VIOLENT demonstrations that unfolded in South Africa over the last two weeks, which resulted in the death of more than 200 people while businesses were torched, looted, attacked and properties destroyed, amplify calls and need for expedited development and strengthening of domestic value chains.
Zimbabwean industries get majority of their key raw materials used in manufacturing and production from South Africa, but also Europe, The United Arab Emirates, China, Zambia, Kenya, Turkey and the Middle East.
Normalcy may have returned to most of South Africa, Zimbabwe’s single largest trading partner, but the events of the last fortnight left the country with so much to ponder in terms of the state of its value chains, especially relating to production of key raw materials.
Trade between countries is good, but in essence it must only be to the extent of covering each other’s needs or deficiencies in order to promote and advance economic growth and development in individual jurisdictions.
While trade channels have reopened after relative calm returned to South Africa that, however, is still counting the extensive cost of the damage to domestic businesses and its economy, economic observers say the impact on Zimbabwe will linger for a while.
Admittedly, trade is a global phenomenon, but the interdependence should not cripple other markets when the other part sneezes.
Instead, trade should be anchored in mutual exchanges that support sustainable development of industries and economies.
The reality of the need to develop strong domestic value chains for raw materials and other basic goods has also been exposed by disruptions to trade and global supply chains necessitated by the outbreak of the Covid-19 pandemic, which forced economies across the world to shut down in order to contain the virus.
The International Monetary Fund (IMF) estimated that Zimbabwe may have been forced into a 4 percent contraction last year due to Covid-19, after drought and Cyclone Idai induced a 6 percent recession in 2019.
The long shadow of Covid-19 remains regardless, Finance and Economic Development Professor Minister Mthuli believes that Zimbabwe will still be able to realise its growth target of 7,4 percent this year.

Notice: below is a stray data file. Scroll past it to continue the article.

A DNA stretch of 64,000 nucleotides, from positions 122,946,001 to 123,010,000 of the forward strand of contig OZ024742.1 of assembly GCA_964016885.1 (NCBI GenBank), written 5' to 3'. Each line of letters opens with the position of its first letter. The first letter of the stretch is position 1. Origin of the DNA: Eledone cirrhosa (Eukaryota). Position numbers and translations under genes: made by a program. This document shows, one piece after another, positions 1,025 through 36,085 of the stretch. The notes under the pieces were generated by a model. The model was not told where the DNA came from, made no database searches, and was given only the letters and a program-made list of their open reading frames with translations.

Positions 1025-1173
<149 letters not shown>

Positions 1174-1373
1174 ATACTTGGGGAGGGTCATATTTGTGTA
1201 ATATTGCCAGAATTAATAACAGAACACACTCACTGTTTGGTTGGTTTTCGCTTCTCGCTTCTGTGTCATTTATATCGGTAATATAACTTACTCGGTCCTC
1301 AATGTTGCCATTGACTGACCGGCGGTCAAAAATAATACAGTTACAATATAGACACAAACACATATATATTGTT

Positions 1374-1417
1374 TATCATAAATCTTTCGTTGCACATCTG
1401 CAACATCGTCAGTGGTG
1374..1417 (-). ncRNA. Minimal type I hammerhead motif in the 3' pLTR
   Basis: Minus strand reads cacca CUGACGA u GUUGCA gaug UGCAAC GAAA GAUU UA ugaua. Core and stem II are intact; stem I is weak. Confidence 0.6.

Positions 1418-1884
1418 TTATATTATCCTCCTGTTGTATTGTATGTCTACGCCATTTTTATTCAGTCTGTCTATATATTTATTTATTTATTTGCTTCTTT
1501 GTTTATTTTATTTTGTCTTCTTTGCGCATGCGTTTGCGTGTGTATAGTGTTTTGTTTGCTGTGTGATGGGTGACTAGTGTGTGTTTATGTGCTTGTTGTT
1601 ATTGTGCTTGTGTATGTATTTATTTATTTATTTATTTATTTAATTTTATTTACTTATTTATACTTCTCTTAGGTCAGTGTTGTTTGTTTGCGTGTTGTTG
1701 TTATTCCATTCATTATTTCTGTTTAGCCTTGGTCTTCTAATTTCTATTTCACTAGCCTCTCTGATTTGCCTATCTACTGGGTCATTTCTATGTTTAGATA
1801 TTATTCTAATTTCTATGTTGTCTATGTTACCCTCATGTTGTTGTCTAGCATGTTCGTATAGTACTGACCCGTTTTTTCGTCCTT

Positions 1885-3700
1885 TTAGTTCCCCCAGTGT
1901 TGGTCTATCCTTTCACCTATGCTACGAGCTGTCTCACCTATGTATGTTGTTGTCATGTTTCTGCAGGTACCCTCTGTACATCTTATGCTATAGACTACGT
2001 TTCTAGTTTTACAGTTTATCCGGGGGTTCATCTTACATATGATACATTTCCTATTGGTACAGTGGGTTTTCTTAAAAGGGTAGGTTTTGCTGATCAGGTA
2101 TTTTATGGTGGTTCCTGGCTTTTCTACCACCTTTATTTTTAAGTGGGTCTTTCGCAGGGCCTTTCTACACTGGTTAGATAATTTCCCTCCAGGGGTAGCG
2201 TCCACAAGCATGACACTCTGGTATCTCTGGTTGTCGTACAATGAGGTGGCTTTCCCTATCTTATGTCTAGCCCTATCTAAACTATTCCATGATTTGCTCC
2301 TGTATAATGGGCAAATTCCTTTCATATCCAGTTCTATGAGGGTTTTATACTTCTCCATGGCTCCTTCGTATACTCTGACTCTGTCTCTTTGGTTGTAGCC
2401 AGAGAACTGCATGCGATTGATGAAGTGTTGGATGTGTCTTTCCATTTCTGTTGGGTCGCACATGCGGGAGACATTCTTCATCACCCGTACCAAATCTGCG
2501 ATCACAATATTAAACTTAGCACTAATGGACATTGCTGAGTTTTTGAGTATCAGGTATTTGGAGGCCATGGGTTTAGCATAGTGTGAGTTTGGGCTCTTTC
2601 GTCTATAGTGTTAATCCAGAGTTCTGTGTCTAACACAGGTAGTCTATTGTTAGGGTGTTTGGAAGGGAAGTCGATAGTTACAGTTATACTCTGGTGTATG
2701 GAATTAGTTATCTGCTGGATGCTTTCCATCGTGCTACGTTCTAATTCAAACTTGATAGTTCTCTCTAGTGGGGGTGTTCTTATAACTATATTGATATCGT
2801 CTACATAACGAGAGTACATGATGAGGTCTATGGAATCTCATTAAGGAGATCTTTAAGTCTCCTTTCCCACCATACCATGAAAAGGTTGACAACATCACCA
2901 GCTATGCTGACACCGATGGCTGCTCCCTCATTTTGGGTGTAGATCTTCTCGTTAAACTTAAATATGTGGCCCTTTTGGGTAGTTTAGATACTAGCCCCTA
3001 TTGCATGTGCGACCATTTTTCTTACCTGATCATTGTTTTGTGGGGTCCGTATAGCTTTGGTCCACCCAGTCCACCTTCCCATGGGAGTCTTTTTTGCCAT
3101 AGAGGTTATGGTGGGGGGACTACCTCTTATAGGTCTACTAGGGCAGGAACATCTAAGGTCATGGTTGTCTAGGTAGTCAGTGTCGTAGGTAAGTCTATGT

Minister Ncube cited the bumper harvest the country achieved this year, following a good rainy season, anticipated commodity super-cycle, investments in power and booming construction among the reasons. Zimbabwe will do more good to shield its fledgling recovery from exogenous shocks after nearly two decades of economic down spiral, only punctuated by brief intermittent growth; it developed its value chains, for both raw materials and finished products.
The good thing is the country already has a well-crafted development path, the Zimbabwe National Industrialisation Development Policy, which also proposes development of a local content policy.
The Zimbabwe National Industrial Development Policy (ZNIDP) (2019-2023) is a blueprint for industrialisation which derives from Vision 2030, and is tailored to assist the economy to achieve the above objectives.
The policy is premised upon the deliberate decision taken by the Government to open the country for business, modernise, industrialise and promote investment, with the ultimate goal attaining broad based economic empowerment, inclusive economic growth and employment creation.
Notably, Zimbabwe already possesses the expertise and history of what it takes to build vibrant productive sectors, as one of sub-Sahara’s (outside South Africa) most industrialised economy post independence from Britain in 1980.
Zimbabwe’s captains of industries are well aware of the need to develop domestic supply capacity, which the Confederation of Zimbabwe Industries (CZI) highlighted in its trade dimensions of Covid-19 on Zimbabwe Industry, released in May last year.
“The economy needs to achieve some measure of self-reliance in view of Covid-19 and its restrictions to trade and movement. Moreover, raw materials that can be produced locally should be produced in the country to improve competitiveness of local products on the international market,”
CZI said this calls for aggressive resuscitation of local value chains and heightened value addition and beneficiation initiatives.
“These initiatives will ensure that jobs are not exported and value added products will fetch more value on the export market,”
Worryingly, exporters also highlighted that inability to access raw material from source countries affected their ability to sustain export demand, leading to significant loss of export revenue and potential loss of market share for exports.
For instance, the report produced by CZI highlighted that 80 percent of Zimbabwean firms in the agriculture and horticultural sectors relied on South Africa for 73 percent of the raw materials they require.
For the horticultural industry, one of the country’s major export earners, CZI said imported raw materials included agro chemicals, stock feed, breeder parents, incubators, parts, vaccines, seeds and plant material. Raw materials imported by the drink, tobacco and beverages sector span across PET packaging, beverage bases, maize and wrapping material, with South Africa being the exclusive source market.
For the chemical and the petroleum industry, 73 percent of the raw materials are imported, including titanium dioxide, chemicals, group two base oils, soap noodles, packaging tubes and bottles, potash and agro-chemicals.
The foot and clothing sector imports 63 percent of its raw materials covering polymers and plastic based, dye stuffs and auxiliaries chemicals are sourced from Turkey, polyester, Cloth material, buttons, elastic, zips, thread, wool, PVC, polypropylene and HDPE (High Density Polyethylene).